Almost every trip that Sunshine Fontes takes as a part of the U-17 Women’s National Team involves a bit of extra effort. She hails from Wahiawa, Hawaii on the island of Oahu, and nearly every camp, domestic or international, requires additional travel to account for the extra five-hour flight from her hometown just to make it to mainland on the West Coast.

As with many previous camps, her trip to Managua, Nicaragua for the 2018 Concacaf Women’s U-17 Championship took a full additional travel day. Fontes’ extra effort is evident in her flight itineraries, but the work she puts in once she steps off the plane back in Hawaii has made her an integral part of this U-17 WNT cycle.

“Sunshine has grown into a strong, incredible, assertive young woman who has started to take ownership of her development,” said U-17 WNT head coach Mark Carr. “Sometimes, it can be a challenge for a player in Hawaii to find a balance of development accelerators. What I’ve seen from Sunshine in the last two years is a young woman who has taken it upon herself to control her development and create her own environment when she’s away from camp.”

While the level of women’s soccer in Hawaii has continued to improve, only a few players from the Islands have made it to the U.S. Women’s National Teams, most notably Natasha Kai from Kahuku, who helped the senior WNT to the 2008 Olympic gold medal in Beijing while scoring the winning goal in overtime in the 2-1 quarterfinal victory against Canada. Since then, more youth players from Hawaii have begun to earn call-ups. While players stateside have chances to play in the U.S. Soccer Development Academy and other elite youth leagues week-in and week-out, those high-level opportunities come far less often in Hawaii.

Fontes first put herself on U.S. Soccer’s radar almost 5,000 miles from Wahiawa, in Boca Raton, Fla. at an Olympic Development Inter-Regional tournament. A few months later, she was called to join the U-15 Girls’ National Team for its first camp of 2016 in the second year of the team’s cycle. She’s earned call-ups to every camp since.

“I try to push myself at home, no matter how much time there is between camps,” Fontes said. “They tell me what to work on when I go home, and they’ve seen that it’s paying off so they’ve just kept bringing me back.”

Fontes has continued to find ways to reach higher levels in her game while back in Hawaii. She used to train with older players, but when those teammates graduated, she began training with boys to help work on her pace and physicality. She also takes advantage of her club environment with the Hawaii Rush.

Fontes exemplifies what Carr calls “player-driven” development. He makes frequent contact with the players to monitor their progress and sees them in camp nearly monthly, but to really progress, Carr emphasizes that players have to take control of their own development. He’s seen Fontes evolve from a player once too shy to look him in the eye to an ever-inquisitive student of the game.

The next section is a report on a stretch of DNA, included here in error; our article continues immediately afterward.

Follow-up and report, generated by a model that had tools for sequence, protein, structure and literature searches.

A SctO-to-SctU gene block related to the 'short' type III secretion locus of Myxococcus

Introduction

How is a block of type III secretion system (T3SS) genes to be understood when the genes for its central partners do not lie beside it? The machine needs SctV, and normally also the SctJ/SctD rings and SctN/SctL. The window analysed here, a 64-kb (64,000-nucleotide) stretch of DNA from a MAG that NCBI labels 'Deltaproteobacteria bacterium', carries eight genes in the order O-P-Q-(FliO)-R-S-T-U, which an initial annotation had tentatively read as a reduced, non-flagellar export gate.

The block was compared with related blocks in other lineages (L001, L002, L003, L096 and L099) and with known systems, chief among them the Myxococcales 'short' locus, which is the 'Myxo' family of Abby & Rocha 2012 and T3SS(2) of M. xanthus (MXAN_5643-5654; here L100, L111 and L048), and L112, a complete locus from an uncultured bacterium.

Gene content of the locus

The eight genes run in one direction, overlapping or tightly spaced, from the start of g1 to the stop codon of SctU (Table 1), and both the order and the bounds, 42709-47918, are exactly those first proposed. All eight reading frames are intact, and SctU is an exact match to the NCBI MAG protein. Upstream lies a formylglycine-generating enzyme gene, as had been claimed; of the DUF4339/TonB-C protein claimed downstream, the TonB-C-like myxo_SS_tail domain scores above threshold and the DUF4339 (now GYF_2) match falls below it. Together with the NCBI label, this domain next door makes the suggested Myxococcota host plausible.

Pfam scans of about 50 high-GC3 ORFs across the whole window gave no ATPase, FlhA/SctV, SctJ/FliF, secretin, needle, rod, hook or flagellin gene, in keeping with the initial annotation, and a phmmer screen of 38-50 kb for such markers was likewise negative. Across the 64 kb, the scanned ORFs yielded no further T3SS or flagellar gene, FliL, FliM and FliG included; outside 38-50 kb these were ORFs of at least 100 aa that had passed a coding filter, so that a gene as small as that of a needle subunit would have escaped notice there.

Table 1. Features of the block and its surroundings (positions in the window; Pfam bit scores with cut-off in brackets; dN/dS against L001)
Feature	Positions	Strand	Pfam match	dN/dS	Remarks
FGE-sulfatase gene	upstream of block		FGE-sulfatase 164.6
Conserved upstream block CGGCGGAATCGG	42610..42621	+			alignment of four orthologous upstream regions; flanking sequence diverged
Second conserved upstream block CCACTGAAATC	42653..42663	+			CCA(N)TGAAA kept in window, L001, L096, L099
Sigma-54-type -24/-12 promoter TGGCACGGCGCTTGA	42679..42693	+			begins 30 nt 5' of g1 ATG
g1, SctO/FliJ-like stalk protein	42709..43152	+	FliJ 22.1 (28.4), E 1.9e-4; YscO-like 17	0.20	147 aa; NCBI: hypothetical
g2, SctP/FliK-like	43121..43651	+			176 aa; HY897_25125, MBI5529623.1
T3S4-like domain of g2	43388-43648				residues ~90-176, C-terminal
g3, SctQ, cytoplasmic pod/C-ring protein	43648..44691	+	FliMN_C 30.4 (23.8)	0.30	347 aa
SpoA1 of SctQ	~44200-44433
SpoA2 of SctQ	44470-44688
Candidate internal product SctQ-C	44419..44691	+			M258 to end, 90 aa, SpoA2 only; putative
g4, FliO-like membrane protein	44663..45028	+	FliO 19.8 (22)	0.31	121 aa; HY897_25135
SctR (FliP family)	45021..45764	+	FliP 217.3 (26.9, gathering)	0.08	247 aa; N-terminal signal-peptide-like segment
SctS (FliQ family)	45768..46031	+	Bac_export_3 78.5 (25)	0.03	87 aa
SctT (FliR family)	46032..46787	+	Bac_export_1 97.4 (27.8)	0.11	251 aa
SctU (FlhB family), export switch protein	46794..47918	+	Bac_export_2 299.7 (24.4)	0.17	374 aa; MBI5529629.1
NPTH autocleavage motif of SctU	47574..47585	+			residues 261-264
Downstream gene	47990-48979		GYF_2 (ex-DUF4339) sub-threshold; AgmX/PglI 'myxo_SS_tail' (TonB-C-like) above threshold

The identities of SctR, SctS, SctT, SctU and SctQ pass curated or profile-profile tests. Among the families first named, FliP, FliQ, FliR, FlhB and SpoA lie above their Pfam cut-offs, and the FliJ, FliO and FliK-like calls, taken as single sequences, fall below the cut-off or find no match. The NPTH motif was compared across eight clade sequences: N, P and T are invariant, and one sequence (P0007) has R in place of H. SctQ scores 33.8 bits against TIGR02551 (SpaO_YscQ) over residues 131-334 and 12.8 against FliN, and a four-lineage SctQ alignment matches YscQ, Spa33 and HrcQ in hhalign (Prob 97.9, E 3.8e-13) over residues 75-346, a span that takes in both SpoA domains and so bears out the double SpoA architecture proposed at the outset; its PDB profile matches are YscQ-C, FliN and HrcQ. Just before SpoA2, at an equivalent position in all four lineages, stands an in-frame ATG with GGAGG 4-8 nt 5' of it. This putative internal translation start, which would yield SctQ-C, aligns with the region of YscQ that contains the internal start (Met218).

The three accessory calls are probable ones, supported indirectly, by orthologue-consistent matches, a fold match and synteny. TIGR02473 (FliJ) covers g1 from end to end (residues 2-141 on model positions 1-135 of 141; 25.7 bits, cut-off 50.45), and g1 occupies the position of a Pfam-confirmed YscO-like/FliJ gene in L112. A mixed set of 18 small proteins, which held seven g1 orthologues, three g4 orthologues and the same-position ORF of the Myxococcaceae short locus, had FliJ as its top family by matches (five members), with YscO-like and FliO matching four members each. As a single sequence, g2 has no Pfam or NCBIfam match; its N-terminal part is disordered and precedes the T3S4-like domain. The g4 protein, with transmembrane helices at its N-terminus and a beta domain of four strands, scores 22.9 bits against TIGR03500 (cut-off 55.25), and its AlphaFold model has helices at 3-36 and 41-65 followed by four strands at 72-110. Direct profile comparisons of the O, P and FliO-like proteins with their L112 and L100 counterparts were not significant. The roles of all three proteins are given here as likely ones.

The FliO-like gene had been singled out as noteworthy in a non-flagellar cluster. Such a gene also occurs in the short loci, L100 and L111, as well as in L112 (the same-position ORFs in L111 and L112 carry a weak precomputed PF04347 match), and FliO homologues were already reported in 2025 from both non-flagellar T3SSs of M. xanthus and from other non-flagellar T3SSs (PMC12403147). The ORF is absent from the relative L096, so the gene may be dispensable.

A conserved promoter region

“Now, we have more conversations about her growth,” Carr said. “She says ’This is something that I want, what’s the next best development environment for me? What’s the next level that’s going to help me stay in this system?’ For any young player that shows that ownership of their development, that’s gold for me. She is the one who’s driving her development process. Ultimately, that’s going to decide where she ends up.”

That work, both at home in the 50th state and across the Pacific in U.S. camps, has helped Fontes become one of the U-17s’ most lethal goal scorers. Her 11 goals in 2018 lead the team by a wide margin and her 13 goals in 19 U-17 caps also stand as the team’s best over the course of the cycle. She became the first U.S. female player to score four goals in two international games in the same year when she tallied quadruples against Venezuela and Argentina early in 2018. Those goal scoring efforts come from remarkable creativity.

“She sees pictures on the field that not all of us see,” Carr said. “What she does on the field and the creativity that she displays, it’s something as a coach you can’t teach. We encourage her to express herself and put her talent into our team. She’s a unique talent and a difference maker for us. She’s definitely got lots of things to improve upon, but her unique skillset, growth mindset and training mentality so far, is something that puts her in a very good position right now with our U-17 group.”

Fontes’ first Concacaf tournament experience came just a few months after her National Team camp debut, at the Concacaf Girls’ U-15 Championship in August 2016. She scored five goals and notched four assists in seven games during that competition, but Carr told her that she didn’t come into that camp in good enough shape. She hasn’t let it happen again since. Her work with the USA and in Wahiawa has positioned her to make an impact in Managua.

“I know what I want to do in the future,” Fontes said. “I know that in order to be here in camp, and stay here in camp, I need to always train at my top level. Mark told me my goal scoring has put me in the good place, and I’ve come in more fit to each camp. He said that I’ve improved and I think that’s kept me on the team. I’m just excited to be here and try to help our team qualify for the World Cup.”

See original U.S. Soccer article